|Maja S. K. Ratkje — Crepuscular Hour|
Maja S. K. Ratkje — Crepuscular Hour (March 18, 2016) –♦– The concert was beautifully filmed and directed by Kathy Hinde and can be found on the DVD that comes with both the CD and 2LP editions. This also includes a 5.1 surround sound option.
–♦– “Form is too me the most important aspect of composition, and the sole reason I consider myself mainly a composer. Form must be carefully planned to avoid the obvious, and each piece has its own logic.” — Maja
–♦– “Music is communicated through interpretation, and the performers as well as the listeners are active in the process. Along with that come the circumstances like the room and the situation the music is performed in. The whole context becomes a part of the interpretation.” — Maja
–♦– “Ratkje brings a feral disregard for conventional form, combined with an extravagant imagination, linking it all to a fascination with the human voice and its communicative possibilities. Her works are dramatic, engaging and wildly diverse.” — Financial Times
Born: 29 December 1973 in Trondheim, Norway,
Location: Oslo, Norway
Name: Maja Solveig Kjelstrup Ratkje
Occupation: Composer / performer
Bands/Projects: Solo voice and electronics / SPUNK / BRAK RUG / Kapital & Moral / composed works
Labels: Rune Grammofon / Tzadik / Important Records and many more
Musical Recommendations: I want to recommend some young instrumentalists who are not afraid of technology or conventions. Norwegian trumpeter Hilde Holsen last year on ASK. She has a very clear mind and a directness in her music that will reach far / Heida Karine Johannesdottir Mobeck and Anja Lauvdal, two emerging musicians using tuba, keyboards and electronics in the noise duo Skrap, in the pop–band Broen and creating radical and highly listenable inventions for larger groups such as Skadedyr and a concert to come with Trondheim Jazz Orchestra.
Album release: March 18, 2016
Genre: Electronic, Classical
Style: Experimental, Modern Classical
Record Label: Rune Grammofon
1 Crepuscular Hour 56:49
2 Crepuscular Hour 61:07
–♦– Recorded at — Huddersfield Town Hall
–♦– Recorded at — Huddersfield Contemporary Music Festival
–♦– Filmed at — Huddersfield Town Hall
–♦– Filmed at — Huddersfield Contemporary Music Festival
–♦– Filmed at — The Big Act, Bristol
–♦– Mixed at — NOTAM
–♦– Mastered at — Store Studio
–♦– Cameraman [Town Hall Performace Filmed by] — Kai Miedendorp (tracks: DVD–1), Kathy Hinde (tracks: DVD–1)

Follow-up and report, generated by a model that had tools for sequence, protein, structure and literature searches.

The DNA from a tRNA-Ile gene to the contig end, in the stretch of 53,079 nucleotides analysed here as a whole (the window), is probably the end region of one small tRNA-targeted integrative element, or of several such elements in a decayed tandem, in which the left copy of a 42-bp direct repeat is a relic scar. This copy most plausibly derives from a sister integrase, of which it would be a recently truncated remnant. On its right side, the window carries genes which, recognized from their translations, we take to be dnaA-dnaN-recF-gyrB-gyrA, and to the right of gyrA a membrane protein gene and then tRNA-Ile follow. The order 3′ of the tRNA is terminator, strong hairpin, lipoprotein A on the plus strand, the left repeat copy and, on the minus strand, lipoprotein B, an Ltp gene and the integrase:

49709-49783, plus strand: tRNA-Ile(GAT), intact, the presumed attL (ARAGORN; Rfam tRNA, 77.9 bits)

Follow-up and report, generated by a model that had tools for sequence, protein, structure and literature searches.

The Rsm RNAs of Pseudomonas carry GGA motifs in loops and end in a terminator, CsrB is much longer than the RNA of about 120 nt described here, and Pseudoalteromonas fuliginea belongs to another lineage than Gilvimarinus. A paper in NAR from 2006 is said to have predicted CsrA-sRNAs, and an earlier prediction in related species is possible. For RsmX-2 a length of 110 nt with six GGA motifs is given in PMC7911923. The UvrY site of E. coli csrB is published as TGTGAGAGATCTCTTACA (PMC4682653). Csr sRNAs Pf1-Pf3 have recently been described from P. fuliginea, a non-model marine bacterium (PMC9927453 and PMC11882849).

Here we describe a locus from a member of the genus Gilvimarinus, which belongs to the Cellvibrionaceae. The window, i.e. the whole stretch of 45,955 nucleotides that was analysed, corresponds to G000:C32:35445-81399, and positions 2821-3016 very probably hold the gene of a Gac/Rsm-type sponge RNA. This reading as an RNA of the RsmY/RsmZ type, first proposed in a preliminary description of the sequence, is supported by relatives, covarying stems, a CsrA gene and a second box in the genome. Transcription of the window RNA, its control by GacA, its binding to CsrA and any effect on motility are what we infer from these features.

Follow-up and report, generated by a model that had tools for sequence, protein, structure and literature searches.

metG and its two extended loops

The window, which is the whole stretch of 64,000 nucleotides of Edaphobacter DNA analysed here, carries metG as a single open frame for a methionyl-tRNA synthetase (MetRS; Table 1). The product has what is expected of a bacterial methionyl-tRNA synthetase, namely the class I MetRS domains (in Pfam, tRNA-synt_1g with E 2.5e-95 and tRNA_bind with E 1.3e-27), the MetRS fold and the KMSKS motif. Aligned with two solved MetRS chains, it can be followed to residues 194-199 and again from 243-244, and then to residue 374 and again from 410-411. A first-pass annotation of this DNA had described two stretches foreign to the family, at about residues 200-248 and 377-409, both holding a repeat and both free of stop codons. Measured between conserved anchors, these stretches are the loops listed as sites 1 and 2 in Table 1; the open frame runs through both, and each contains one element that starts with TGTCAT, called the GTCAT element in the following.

–♦– Composed by — Maja Solveig Kjelstrup Ratkje*
–♦– Conductor [Conducted by] — James Weeks
–♦– Design — Kim Hiorthøy
–♦– Edited by [Film Edited by] — Kathy Hinde (tracks: DVD–1)
–♦– Engineer [Live Sound at Town Hall by] — Alex Fiennes
–♦– Film Director [Film by], Film Director [Additional Footage Made by] — Kathy Hinde (tracks: DVD–1)
–♦– Lighting [Installation Lighting by] — Aideen Malone (tracks: DVD–1)
–♦– Lighting [Lights At Town Hall by] — Johnny Marshall (tracks: DVD–1)
–♦– Liner Notes [English] — Maja S. K. Ratkje
–♦– Mastered by — Håvard Christensen
–♦– Mixed by [Sound Mix by] — Maja S. K. Ratkje
–♦– Performer [Performed by] — Antoine Chessex, Hild Sofie Tafjord, Lasse Marhaug, Mark Durgan, Nils Henrik Asheim, Phil Julian, RNCM Chamber Choir, Stian Westerhus, The 24, University Of Huddersfield Chamber Choir
–♦– Producer [DVD Production by] — Carsten Aniksdal (tracks: DVD–1)
–♦– Recorded by [Town Hall Live Recording by] — BBC*, Thomas Hukkelberg
–♦– With texts from the Nag Hammadi Library
–♦– Live performance at Town Hall, Huddersfield, 20th November 10pm Huddersfield Contemporary Music Festival 2012
–♦– Sound Mix at Notam, Oslo, Norway
–♦– Additional footage made in Bristol, UK
–♦– Installation footage shot at The Big Act, Bristol, UK
–♦– Mastered at Store Studio, Bodø, Norway
–♦– The special vinyl edition comes with an embossed, golden foil spot on the sleeve. Only 70 hand numbered copies were printed, making it a rare thing of beauty. We will sell 50 of this through our webshop, and it might very soon be the most desirable item in our catalogue. Max one item pr. customer.
–♦– The ordinary vinyl edition is limited to 430 copies.
–♦– Both vinyl editions come with an etching on Side D.
–♦– All three editions come with the DVD.